It is the view of this author that what Paul is doing throughout this letter is showing the Corinthians their sinful abuses. What I am endeavoring to point out is simply WHY do so many people look to the Corinthians when it comes to the supernatural gifts of the Holy Spirit as the experts? What basis do we have to believe that they got “this right” where the entire letter is an open rebuke and not too subtle correction of their other many errors? There is no basis to believe their use of the gifts was any more sound than their communion practices. Next month we shall consider the Corinthian abuse of the spiritual gifts and hopefully address whether or not speaking in tongues is disappearing from charismatic public assemblies.

REFERENCES:

Johannes P. Louw and Eugene Albert Nida, Greek-English Lexicon of the New Testament: Based on Semantic Domains (New York: United Bible Societies, 1996), 437, 494, 269.

David K. Lowery, “1 Corinthians,” ed. J. F. Walvoord and R. B. Zuck, The Bible Knowledge Commentary: An Exposition of the Scriptures (Wheaton, IL: Victor Books, 1985), 528–529, 532. Underlining added for emphasis.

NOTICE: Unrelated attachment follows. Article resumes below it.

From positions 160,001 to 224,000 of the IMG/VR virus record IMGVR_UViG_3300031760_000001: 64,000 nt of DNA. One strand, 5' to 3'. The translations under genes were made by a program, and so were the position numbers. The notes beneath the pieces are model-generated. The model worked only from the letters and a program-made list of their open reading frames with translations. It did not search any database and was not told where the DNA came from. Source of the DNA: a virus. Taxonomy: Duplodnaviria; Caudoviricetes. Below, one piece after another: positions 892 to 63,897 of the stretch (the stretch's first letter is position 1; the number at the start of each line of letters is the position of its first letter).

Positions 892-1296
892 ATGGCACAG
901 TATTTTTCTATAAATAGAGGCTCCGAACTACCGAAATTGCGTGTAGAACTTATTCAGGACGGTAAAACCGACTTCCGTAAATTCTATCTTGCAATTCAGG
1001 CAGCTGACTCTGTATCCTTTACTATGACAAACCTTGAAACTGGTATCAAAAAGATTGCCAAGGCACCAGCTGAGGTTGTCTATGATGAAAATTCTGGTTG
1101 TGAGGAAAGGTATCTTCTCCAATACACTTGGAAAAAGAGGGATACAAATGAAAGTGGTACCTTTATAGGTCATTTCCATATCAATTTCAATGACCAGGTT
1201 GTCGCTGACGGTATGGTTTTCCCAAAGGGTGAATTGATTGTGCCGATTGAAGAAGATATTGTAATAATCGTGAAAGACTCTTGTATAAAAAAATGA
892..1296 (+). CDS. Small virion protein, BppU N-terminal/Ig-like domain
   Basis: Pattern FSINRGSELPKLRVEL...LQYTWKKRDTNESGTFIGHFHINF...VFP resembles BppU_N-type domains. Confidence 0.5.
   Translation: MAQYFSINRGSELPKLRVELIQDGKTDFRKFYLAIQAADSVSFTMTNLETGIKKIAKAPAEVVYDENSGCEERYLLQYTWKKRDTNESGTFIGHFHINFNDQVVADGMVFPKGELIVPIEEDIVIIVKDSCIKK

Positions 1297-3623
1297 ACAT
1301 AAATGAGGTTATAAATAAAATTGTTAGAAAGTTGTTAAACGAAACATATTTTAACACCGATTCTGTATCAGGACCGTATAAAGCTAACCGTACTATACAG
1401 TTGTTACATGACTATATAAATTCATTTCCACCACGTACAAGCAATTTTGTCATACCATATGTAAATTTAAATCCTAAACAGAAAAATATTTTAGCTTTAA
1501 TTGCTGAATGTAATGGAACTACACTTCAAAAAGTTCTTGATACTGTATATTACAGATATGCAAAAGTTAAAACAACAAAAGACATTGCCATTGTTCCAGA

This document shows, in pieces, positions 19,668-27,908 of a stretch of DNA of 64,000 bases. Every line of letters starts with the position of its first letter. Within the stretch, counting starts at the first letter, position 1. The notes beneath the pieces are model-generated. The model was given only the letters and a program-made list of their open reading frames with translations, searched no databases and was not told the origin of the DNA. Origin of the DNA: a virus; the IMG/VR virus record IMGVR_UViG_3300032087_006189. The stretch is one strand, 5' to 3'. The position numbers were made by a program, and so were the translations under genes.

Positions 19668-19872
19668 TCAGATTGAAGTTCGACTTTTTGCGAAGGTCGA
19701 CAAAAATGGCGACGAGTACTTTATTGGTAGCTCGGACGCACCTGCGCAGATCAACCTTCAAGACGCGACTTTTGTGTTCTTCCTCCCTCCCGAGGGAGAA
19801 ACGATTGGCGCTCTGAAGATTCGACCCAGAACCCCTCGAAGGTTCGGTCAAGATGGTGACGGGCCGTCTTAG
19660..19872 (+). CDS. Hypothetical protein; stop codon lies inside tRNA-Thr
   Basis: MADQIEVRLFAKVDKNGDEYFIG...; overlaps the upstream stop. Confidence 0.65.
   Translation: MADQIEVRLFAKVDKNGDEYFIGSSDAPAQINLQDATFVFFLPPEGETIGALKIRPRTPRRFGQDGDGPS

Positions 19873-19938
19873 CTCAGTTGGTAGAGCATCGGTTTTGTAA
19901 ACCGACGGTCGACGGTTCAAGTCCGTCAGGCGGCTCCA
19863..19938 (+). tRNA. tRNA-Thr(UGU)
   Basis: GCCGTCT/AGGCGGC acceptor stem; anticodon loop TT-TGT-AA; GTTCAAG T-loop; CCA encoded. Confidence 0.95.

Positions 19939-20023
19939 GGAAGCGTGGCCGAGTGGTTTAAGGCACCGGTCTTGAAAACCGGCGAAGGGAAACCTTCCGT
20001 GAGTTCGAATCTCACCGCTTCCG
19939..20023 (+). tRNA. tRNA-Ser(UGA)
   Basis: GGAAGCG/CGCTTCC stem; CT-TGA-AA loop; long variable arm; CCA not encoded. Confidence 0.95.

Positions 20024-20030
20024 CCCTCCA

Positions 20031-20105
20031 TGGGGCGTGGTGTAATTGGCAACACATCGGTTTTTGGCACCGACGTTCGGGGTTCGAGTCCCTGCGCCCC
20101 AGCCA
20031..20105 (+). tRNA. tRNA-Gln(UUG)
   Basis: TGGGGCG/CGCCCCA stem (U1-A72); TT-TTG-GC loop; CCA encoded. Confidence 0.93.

Derek Prime, Opening up 1 Corinthians, Opening Up Commentary (Leominister: Day One Publications, 2005), 96–97. Underlining added for emphasis.

[1] The Corinthians came from a background of eating ‘sacred food’ in their temples.  They were formerly schooled in believing that what they ate was an actual encounter with their gods.  Perhaps when they learned as Christians that idols were nothing, thus the meats sacrificed to idols was “nothing” and perhaps they carried this over to thinking that the Lord’s Supper was also just a sort of “memorial” meal with nothing really taking place.

James Swanson, Dictionary of Biblical Languages with Semantic Domains: Greek (New Testament) (Oak Harbor: Logos Research Systems, Inc., 1997).

James Strong, A Concise Dictionary of the Words in the Greek Testament and The Hebrew Bible (Bellingham, WA: Logos Bible Software, 2009), 16.

A.T. Robertson, Word Pictures in the New Testament (Nashville, TN: Broadman Press, 1933), 1 Co 11:30.